Fred Stewart II and Tyler Collins, from the series The Birmingham Project, 2012 Archival pigment prints mounted on Dibond 40 x 64 in (101.6 x 162.6 cm)
Dawoud Bey, Fred Stewart II and Tyler Collins, 2012, from the series 'The Birmingham Project', archival pigment prints mounted on Dibond, 102 × 163 cm. Courtesy: the artist and the New Museum, New York

Also, despite drawing inspiration from the Black Lives Matter protests, which were largely galvanized by social media, the show contains no digital works. Perhaps because the curators (and most of the artists) predate the Gen Z luminaries of internet culture, the exhibition ultimately comes off as a little dated, in both form and content. It just doesn’t feel like the future – one responsive to the paradigm shifts of the pandemic, within an institution attempting to adopt into its own labour practices the politics of an exhibition that contends directly with whiteness and engages with the digital vanguard. It’s like the disparity between Haacke’s show and the union protests: what good is an elaborate, finely wrought time capsule if we’re going to throw it through a window anyway?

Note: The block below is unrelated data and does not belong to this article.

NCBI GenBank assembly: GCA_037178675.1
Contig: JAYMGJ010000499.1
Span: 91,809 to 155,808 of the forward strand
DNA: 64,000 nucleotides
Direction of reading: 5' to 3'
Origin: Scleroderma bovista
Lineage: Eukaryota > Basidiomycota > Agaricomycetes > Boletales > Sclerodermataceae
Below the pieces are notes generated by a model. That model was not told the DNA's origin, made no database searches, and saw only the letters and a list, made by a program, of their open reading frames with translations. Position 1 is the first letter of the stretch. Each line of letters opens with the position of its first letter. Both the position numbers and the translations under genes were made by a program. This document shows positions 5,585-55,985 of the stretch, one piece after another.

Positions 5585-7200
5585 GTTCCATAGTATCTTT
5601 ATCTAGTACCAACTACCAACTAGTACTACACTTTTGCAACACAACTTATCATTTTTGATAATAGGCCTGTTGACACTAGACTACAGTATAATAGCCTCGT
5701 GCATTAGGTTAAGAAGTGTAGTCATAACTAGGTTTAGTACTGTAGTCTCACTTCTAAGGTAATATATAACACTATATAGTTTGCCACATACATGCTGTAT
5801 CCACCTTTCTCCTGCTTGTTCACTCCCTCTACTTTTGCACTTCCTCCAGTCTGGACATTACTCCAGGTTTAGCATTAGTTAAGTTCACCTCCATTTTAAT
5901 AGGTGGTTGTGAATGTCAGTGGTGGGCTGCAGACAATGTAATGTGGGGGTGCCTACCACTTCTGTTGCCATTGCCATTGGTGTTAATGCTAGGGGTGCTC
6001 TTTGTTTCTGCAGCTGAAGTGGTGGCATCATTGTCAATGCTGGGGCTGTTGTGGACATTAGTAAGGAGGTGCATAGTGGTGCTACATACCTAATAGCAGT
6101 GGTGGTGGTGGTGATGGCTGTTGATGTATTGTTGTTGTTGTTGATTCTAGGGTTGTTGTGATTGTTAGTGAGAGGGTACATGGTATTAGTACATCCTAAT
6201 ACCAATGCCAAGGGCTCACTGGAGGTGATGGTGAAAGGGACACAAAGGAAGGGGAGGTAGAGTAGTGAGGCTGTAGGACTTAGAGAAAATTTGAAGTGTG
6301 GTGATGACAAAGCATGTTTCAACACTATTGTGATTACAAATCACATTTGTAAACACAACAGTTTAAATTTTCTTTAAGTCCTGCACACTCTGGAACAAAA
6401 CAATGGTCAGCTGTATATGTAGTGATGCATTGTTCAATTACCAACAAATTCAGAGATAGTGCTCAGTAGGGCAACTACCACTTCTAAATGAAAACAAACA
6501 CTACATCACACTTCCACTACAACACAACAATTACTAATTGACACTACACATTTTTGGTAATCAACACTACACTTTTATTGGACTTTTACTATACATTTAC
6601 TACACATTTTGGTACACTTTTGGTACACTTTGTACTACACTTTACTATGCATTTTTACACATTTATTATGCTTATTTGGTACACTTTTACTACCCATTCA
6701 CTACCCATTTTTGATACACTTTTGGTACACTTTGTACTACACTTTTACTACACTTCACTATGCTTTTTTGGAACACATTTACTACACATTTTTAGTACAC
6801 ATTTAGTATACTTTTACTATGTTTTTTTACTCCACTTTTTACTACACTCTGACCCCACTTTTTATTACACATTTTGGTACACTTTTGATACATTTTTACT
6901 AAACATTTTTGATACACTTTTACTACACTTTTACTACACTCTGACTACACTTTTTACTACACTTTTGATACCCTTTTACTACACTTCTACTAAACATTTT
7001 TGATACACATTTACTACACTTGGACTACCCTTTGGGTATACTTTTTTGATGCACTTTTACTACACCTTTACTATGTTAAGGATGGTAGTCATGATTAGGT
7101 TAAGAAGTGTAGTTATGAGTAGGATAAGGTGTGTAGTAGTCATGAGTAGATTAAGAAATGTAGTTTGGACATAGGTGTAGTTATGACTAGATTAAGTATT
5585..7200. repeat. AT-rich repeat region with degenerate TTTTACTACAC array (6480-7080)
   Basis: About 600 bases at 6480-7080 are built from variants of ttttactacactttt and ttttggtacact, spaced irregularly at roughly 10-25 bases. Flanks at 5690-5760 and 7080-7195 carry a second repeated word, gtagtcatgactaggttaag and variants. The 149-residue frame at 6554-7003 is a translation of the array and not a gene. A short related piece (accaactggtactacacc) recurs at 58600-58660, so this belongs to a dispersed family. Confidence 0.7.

'Grief and Grievance: Art and Mourning in America' at the New Museum, New York, is on view through 6 June 2021.

Main image: 'Grief and Grievance: Art and Mourning in America', 2021, exhibition view, New Museum, New York. Courtesy: New Museum, New York; photography: Dario Lasagni 

Simon Wu is an artist based in New York. He is the Program Coordinator for The Racial Imaginary Institute and a graduate of the Whitney Museum Independent Study Program.